Pricing Freelance Résumé Services

salary negotiation

By Kamee Gilmore.

Price…the cost at which something is obtained. In the field of résumé writing, that “something” for our clients is their desired job or promotion as a result of the services we have provided.

In Canada, the average individual makes anywhere from $36,000 to $64,000 per year. If you break this down, a person makes from $139 to $244 per day. If our services help a client speed up their job hunt by even one week, then the immediate value to that person would be anywhere from $693.00 through $1222.00.

Chances are, by the time a prospective client has reached the point of realizing that they require professional help and have contacted you, they have already been out of work for at least a week, or have already missed a great opportunity or promotion.

Too many people do not understand the value of résumé services, or the talent and ongoing education that is required to create modern-day career marketing documents. Many of these prospective clients don’t realize that their résumé must not only stand out to the right audience but also get past the new screening technology, Applicant Tracking Systems (ATS).  Nor do they understand that this software is sifting through potentially thousands of résumés from qualified applicants who are also applying for those all-too-infrequent employment opportunities in today’s competitive job market. Essentially, they don’t know how to get the results you can.

It is important to understand and factor in this information when you are setting or re-evaluating your freelance rates. Because our industry is unregulated, there is no “blue book” to advise or control what we as independent contractors can charge. This also means that there are no licensing or certification requirements to prevent an unqualified person from claiming “Professional Résumé Writer” or “Career Professional” status. As a result, the quality of work, as well as prices, range significantly, making it difficult for credentialed, reputable professionals to gauge the value of their services and set a fair pricing schedule – fair for clients, and respectful of their own time and qualifications.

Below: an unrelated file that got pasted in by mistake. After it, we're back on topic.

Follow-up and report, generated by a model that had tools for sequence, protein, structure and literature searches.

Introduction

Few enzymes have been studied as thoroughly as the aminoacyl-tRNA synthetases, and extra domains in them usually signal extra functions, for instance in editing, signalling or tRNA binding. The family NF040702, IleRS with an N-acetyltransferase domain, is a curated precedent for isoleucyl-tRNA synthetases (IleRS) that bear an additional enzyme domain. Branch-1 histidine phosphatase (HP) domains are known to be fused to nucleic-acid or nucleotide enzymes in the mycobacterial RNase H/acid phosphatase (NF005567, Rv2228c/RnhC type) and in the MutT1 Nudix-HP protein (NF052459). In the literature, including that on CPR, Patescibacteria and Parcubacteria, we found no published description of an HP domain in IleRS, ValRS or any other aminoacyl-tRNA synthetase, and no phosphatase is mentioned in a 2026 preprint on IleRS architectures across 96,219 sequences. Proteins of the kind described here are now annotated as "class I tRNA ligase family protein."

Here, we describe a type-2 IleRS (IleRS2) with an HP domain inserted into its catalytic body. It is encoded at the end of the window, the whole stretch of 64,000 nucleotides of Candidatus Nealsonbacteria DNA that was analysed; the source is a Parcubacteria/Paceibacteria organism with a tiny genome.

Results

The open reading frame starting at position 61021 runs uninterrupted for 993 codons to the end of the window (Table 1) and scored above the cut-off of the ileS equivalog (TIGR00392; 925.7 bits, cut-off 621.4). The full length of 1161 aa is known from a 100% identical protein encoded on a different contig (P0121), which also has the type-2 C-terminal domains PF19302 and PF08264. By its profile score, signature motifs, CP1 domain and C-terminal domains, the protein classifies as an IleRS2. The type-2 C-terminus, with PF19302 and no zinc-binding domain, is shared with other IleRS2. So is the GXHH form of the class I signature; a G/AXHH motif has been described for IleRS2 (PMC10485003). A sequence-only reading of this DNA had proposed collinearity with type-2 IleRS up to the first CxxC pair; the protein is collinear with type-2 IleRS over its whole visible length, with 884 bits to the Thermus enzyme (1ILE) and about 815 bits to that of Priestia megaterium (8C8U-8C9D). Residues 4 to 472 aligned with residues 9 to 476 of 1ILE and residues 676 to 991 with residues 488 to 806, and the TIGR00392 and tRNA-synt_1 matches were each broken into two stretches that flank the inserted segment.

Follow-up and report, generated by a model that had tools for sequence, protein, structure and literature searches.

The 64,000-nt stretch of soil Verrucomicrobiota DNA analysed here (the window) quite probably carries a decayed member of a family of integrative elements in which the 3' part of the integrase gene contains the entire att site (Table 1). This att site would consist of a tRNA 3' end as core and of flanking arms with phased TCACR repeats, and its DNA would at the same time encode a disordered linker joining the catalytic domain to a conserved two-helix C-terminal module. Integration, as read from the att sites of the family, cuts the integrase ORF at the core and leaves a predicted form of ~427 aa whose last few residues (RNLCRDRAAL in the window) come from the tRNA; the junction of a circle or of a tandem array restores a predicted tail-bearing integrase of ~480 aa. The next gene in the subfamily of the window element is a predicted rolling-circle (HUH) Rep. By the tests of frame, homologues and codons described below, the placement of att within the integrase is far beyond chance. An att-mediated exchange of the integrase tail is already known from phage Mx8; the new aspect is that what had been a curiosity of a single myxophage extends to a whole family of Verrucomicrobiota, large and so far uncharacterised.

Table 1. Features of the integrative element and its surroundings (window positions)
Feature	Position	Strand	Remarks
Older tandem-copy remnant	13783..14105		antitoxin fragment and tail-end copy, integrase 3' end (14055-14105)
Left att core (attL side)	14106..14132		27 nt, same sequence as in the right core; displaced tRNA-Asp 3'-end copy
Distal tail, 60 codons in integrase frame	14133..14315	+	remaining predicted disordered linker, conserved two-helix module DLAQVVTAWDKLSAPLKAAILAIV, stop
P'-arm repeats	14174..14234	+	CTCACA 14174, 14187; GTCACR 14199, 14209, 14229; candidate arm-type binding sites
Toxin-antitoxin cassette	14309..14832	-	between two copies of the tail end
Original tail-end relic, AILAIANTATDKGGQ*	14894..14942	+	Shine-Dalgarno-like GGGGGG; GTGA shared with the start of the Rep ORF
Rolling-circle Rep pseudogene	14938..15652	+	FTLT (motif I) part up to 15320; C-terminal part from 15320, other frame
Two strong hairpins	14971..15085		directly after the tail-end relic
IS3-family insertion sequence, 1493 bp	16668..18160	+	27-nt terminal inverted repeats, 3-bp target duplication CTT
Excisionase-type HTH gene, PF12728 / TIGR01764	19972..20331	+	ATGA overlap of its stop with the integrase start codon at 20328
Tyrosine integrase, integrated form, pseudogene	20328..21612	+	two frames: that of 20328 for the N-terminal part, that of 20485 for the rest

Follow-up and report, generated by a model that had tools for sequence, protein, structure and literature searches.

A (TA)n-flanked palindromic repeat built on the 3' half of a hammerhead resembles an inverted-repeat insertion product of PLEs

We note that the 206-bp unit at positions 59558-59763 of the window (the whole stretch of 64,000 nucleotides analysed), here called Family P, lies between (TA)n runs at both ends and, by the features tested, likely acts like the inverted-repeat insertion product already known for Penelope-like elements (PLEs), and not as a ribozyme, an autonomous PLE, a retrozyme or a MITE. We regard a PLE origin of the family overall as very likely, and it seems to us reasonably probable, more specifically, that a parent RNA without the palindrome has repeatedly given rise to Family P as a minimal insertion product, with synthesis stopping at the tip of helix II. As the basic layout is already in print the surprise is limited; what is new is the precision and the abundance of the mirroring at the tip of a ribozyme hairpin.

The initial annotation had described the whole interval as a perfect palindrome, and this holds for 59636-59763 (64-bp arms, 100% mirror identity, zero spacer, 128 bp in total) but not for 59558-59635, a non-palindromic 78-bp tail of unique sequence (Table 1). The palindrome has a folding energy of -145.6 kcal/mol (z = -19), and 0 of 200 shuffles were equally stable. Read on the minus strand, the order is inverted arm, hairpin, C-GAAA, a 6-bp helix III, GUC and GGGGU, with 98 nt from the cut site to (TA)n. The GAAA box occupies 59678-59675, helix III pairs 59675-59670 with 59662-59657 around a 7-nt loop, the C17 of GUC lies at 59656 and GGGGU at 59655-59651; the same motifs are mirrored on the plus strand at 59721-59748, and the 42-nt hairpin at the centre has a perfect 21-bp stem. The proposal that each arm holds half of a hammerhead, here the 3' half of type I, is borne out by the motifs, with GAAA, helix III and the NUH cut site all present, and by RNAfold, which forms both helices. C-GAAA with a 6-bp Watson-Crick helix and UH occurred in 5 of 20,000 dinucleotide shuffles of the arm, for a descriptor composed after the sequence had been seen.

Prices are a personal decision. Professionals need to consider their comfort levels with charging, the degree of customer service they provide, and the level of clients they would like to attract. Someone who prefers to serve student or entry-level clients would likely have a lower price point than someone looking to appeal to and work with executive clients. Professionals just starting out in the field, perhaps lacking experience and/or clientele, may need to price themselves below other more experienced professionals who provide similar services. They can then increase and adjust their rates accordingly as they gain knowledge, experience, and exposure.

So how do you determine what your services should cost? There are plenty of informational posts on the web to help you strategize and determine your price schedule. Here are a few links that I found especially helpful, as I am currently re-evaluating my own services and prices.

In the end, you set your own price, but make sure that you are charging your client honestly and paying yourself fairly. The result of your custom-created work is invaluable to the client, and what you do to get those results truly is a talent worthy of fair compensation. If anyone could do it, clients wouldn’t be looking to hire you!

I hope this helps anyone who may be questioning or reconsidering their rates!

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You’ve nailed this topic Kamee. Career pros should charge fairly and honestly for the value they offer.

When a client looks to hire a career professional they are likely considering the return on investment (ROI); not just the monetary cost. Price and value are two different things. If a career pro can clearly stated what they can offer the client (top resume = increased visibility = faster/shorter job search = potential higher compensation) then the value is clear. I always tell my clients that my executive resume writing services are an investment in themselves and their career. I try to make the value clear so there is less emphasis on cost.